Wolters Kluwer, a technology and software solutions provider, recently published its 2019 Future Ready Lawyer Survey Report. The report assesses the legal industry’s preparedness to levy and embrace changes in the legal marketplace.

According to the report, lawyers who are transitioning into technology-based practices will continue to be out-practiced by lawyers who have been integrating technology for some time now.

The central question, then, is: What can transitioning lawyers do to make up for time lost on technology integration?

Knowledge of the Playing Field

The ABA 2018 TECHREPORT writers characterized the legal tech industry as lacking a “one-stop shop” in their December “Solo and Small Law Practices” article, and they’re right.

Our industry is a hodgepodge of providers offering an assortment of technology features that lawyers can leverage. This in turn reflects the nature of the legal industry: there are practices of varying sizes with varying technology needs throughout the United States. Some practices require paralegal support services. Some practices require legal research software. Our diverse industry is meeting a diverse demand. The key is to address the unique needs of your firm.

Even so, that makes navigating this industry confounding if you’re new to it. Where do you begin to get to know providers?

We recommend several starting points:

American Bar Association: Their ABA Connect and ABA Cybersecurity Legal Task Force are excellent resources. They’ll connect you to lawyers with legal tech experience and to content on technology and the law. Additionally, the ABA’s Law Practice Magazine: The TECHSHOW Issue will bring you up to speed on the thoughts and trends within today’s legal and legal technology industries.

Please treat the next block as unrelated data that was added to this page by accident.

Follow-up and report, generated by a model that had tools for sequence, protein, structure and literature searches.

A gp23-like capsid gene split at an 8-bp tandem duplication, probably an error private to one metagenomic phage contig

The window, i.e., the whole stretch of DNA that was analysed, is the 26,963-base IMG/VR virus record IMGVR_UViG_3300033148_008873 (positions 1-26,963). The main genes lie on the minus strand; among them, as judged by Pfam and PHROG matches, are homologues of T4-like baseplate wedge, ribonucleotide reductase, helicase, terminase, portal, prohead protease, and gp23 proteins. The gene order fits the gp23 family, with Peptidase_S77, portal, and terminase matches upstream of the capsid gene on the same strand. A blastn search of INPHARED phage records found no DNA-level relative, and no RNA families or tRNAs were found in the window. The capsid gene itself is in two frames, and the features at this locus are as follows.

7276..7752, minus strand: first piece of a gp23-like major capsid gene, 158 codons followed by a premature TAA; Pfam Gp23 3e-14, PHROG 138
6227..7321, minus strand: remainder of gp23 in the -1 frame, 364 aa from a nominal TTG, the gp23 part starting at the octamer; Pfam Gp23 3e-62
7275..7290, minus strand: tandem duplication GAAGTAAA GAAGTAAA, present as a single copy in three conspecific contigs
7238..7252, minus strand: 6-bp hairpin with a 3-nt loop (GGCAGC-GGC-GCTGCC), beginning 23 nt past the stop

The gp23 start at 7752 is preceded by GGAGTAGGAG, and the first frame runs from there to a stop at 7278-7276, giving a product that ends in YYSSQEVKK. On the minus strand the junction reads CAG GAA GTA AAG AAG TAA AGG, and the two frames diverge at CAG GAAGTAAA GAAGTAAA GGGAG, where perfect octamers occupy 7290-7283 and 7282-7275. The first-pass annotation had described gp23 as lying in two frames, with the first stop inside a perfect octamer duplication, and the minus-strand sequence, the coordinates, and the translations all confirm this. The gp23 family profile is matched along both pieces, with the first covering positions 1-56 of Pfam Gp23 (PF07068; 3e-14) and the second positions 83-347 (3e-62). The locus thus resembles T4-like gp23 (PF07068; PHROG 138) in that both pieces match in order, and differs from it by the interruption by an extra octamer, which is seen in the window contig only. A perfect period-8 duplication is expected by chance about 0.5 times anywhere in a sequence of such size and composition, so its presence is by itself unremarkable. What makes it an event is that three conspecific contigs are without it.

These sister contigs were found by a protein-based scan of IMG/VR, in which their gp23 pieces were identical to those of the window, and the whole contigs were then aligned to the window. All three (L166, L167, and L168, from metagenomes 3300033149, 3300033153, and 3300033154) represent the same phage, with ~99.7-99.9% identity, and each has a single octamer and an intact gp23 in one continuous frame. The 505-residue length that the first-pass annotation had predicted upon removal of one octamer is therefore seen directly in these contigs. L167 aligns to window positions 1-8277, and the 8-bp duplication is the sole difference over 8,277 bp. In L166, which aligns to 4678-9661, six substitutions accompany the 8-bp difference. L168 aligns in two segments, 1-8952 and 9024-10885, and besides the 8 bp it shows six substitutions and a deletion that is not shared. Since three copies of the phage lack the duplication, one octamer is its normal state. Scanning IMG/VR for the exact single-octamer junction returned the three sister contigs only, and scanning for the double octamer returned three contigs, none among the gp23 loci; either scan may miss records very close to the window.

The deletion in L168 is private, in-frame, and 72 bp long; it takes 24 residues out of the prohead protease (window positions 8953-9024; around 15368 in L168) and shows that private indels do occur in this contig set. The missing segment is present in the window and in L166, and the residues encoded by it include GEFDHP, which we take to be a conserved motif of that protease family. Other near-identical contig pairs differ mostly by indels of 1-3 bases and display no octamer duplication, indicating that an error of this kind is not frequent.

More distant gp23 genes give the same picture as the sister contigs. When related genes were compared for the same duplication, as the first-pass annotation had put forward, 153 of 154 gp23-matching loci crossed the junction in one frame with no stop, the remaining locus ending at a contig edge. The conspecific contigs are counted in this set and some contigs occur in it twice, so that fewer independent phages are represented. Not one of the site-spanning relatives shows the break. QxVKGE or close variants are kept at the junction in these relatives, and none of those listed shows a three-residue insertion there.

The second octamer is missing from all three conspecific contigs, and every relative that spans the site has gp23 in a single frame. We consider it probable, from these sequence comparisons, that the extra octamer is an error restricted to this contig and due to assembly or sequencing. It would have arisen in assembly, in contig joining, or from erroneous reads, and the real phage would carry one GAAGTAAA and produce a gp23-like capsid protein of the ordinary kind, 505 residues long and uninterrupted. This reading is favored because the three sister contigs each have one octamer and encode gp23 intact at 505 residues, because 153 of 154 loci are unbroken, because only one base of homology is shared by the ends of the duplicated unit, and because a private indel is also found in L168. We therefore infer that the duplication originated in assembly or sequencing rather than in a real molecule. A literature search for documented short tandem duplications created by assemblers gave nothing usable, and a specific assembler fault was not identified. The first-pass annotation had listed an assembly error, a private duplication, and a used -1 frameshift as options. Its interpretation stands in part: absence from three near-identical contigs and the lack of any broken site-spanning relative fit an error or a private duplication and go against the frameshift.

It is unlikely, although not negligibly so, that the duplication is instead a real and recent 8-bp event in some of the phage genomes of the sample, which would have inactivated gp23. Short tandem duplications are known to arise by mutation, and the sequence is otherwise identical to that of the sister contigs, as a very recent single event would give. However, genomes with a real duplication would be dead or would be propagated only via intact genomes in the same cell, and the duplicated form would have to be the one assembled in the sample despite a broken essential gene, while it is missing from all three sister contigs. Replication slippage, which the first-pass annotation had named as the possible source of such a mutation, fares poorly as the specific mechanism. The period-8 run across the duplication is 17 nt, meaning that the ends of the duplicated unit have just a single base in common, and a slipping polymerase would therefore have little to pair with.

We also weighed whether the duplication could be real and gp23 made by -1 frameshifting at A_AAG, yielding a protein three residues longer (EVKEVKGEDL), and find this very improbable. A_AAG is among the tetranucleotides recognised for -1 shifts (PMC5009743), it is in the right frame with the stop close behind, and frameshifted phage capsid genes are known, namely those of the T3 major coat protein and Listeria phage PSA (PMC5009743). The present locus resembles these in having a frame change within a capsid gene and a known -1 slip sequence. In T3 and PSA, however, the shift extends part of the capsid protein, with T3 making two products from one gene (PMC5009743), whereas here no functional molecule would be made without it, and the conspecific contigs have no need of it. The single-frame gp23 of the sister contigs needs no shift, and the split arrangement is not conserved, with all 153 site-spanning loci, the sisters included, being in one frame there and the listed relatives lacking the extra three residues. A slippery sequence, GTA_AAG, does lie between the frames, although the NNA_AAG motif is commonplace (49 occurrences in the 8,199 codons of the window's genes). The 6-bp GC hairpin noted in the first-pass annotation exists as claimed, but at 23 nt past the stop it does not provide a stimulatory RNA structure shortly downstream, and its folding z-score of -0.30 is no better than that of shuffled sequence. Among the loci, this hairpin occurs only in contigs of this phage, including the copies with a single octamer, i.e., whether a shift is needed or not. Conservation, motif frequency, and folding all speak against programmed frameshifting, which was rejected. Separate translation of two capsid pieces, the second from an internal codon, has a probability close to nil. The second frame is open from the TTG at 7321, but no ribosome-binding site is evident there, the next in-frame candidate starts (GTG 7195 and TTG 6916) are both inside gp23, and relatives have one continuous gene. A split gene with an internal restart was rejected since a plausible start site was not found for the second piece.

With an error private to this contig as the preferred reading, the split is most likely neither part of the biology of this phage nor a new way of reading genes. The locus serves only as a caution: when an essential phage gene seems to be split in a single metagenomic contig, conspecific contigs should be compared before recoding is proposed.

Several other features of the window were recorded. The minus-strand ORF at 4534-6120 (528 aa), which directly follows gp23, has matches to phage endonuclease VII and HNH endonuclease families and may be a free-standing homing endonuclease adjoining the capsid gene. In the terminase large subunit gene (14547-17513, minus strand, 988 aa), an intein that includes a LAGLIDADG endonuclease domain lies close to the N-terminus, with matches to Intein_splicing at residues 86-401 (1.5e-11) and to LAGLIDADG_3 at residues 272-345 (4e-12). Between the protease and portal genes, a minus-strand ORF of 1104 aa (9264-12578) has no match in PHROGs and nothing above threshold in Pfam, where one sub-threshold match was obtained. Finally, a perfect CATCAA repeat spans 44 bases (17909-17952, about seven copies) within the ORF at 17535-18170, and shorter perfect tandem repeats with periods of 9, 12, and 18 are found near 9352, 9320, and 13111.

Lawyerist: A media outlet for lawyers in small law firms. Their Law Practice Management Software reviews are excellent for introducing yourself to major providers in the legal technology industry.

Attorney at Work: An extensive blog on law practice management. They guarantee “one really good idea every day” for lawyers. Their Tech Tips, Product Spotlight, and Tech Tools articles are invaluable for your legal tech research.

Conferences, Techshows, and Bar Association Relationships

We attended the ABA TECHSHOW in Chicago several months ago. That experience underscored the value of networking opportunities to connect people and tech.

These experiences offer something that online research cannot: the human component. Even if you’ve resonated with online testimonials about technology integration, nothing is more insightful than in-person conversations.

Even so, bar associations are still the best resources for staying up to date on events in your area. Subscribe to their newsletters, check their website for updates, and follow them on social media. Opportunities to network arise at a moment’s notice, and they can be transformative for your practice.

Becoming Your Best Practice

Technology gives lawyers who use it a competitive edge, but not all legal technology providers are the right fit for every practice.

As you prepare to transition your practice into a technology-based one, think about what your firm needs to thrive and to serve your clients first and foremost, and decide on a provider based on those pain points. A pricy provider may have every possible feature your practice could need now and in the future. But it might not meet the unique needs of your practice. And it might not make the law more accessible to your clients with a portal of their own.

This is where the legal technology industry’s hodgepodge nature is an asset. Regardless of your law firm’s type and technology needs, there’s a provider who’s the proper fit for you. Your research and networking will provide that insight.

We at SimpleLaw are happy to help you through this exciting and complex time of transition for your law firm. Contact us at hello@simplelaw.com for further questions about technology integration and what our platform can offer your firm.

SimpleLaw

Written by SimpleLaw